And as it relates to actual or perceived disrespect, it’s just as easy to say that Sherman disrespected Mayfield. As Simms pointed out on PFT Live, Sherman didn’t seem to be all that enthused about interacting with Mayfield, either.


Regardless, Sherman apologized, as he should have. Whether NFL Media apologizes for posting those false claims without properly vetting them or seeking comment from Mayfield or the Browns and then failing to revise the story for roughly three hours after the truth emerged remains to be seen.


It also remains to be seen how Mayfield addresses the issue with reporters. He’s due to meet with reporters today.


And then there’s Sherman’s next media availability. He won’t want to be grilled on the subject, and if he gets asked a bunch of “annoying, nonsense questions” on a topic that he surely won’t want to discuss, he could get angry.


Maybe angry enough to threaten to ruin a reporter’s career.





Naturally, Coach Freddie Kitchens thinks he is the right man for the job.  Scott Patsko in the Cleveland Plain Dealer:


Freddie Kitchens held a conference call with media on Tuesday, a day after the Browns fell to 2-3 with a blowout loss to the 49ers.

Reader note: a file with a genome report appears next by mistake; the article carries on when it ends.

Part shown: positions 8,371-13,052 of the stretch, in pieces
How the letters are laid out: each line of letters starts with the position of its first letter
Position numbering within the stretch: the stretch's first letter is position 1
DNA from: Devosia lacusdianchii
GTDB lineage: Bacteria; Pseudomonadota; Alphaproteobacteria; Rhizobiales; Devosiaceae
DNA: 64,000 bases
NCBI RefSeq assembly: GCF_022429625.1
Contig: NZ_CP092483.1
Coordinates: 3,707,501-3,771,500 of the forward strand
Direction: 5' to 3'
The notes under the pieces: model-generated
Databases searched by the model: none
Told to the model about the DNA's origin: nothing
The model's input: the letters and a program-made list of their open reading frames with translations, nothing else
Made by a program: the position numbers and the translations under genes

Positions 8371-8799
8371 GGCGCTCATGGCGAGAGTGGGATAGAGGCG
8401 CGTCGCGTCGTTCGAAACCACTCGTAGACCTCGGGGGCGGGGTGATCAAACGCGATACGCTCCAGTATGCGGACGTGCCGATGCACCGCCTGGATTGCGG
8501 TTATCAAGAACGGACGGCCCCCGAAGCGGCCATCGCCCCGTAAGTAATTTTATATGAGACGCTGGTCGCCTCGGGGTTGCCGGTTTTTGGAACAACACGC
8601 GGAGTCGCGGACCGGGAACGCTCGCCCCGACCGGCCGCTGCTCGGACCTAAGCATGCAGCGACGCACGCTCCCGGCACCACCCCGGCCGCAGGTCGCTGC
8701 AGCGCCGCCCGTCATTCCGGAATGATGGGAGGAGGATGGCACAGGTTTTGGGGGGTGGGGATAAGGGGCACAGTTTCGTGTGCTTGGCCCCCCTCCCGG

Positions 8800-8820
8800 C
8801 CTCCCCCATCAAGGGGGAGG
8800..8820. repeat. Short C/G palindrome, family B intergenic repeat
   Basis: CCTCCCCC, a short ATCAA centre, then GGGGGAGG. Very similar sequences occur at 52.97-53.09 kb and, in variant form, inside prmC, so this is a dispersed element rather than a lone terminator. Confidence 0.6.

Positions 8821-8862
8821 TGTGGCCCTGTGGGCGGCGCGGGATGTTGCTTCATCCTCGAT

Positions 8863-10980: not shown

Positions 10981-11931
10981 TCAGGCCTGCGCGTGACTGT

Here are some quick hits from Tuesday’s conference call:


– Kitchens opened the call by calling for more consistency: “We don’t want to be an up and down, rollercoaster football team if we want to get to where we want to get to. We need to find consistency in how we prepare, how approach the game, how we approach the play.”


– Kitchens said the Browns came out of the game without any significant injuries.


– On being disappointed with a lack of consistency: “You’ve got to have the first one before you can start being consistent. We had the first one (against the Ravens). We know what it looks like. We had our opportunities last night and didn’t make the best of it.”


– On concerns over losing the battle on the line of scrimmage: “I want the strength of our team to be on both sides of the line of scrimmage. I don’t think that was (last night). Ultimately it’s about the result and we didn’t get it done.”


– On what was wrong with Baker Mayfield: “There’s a lot that goes into that. Some of it had to do with a lack of protection. Some had to do with a couple bad throws, a couple bad decisions, had some drops. We can’t do those things and play quarterback position at an elite level. If you just want an honest answer, you need to have consistency around you and you have to be consistent yourself.”


– On Antonio Callaway playing an unfamiliar position: “We move our receivers around a good bit. We felt he was probably ready to play so we played him.”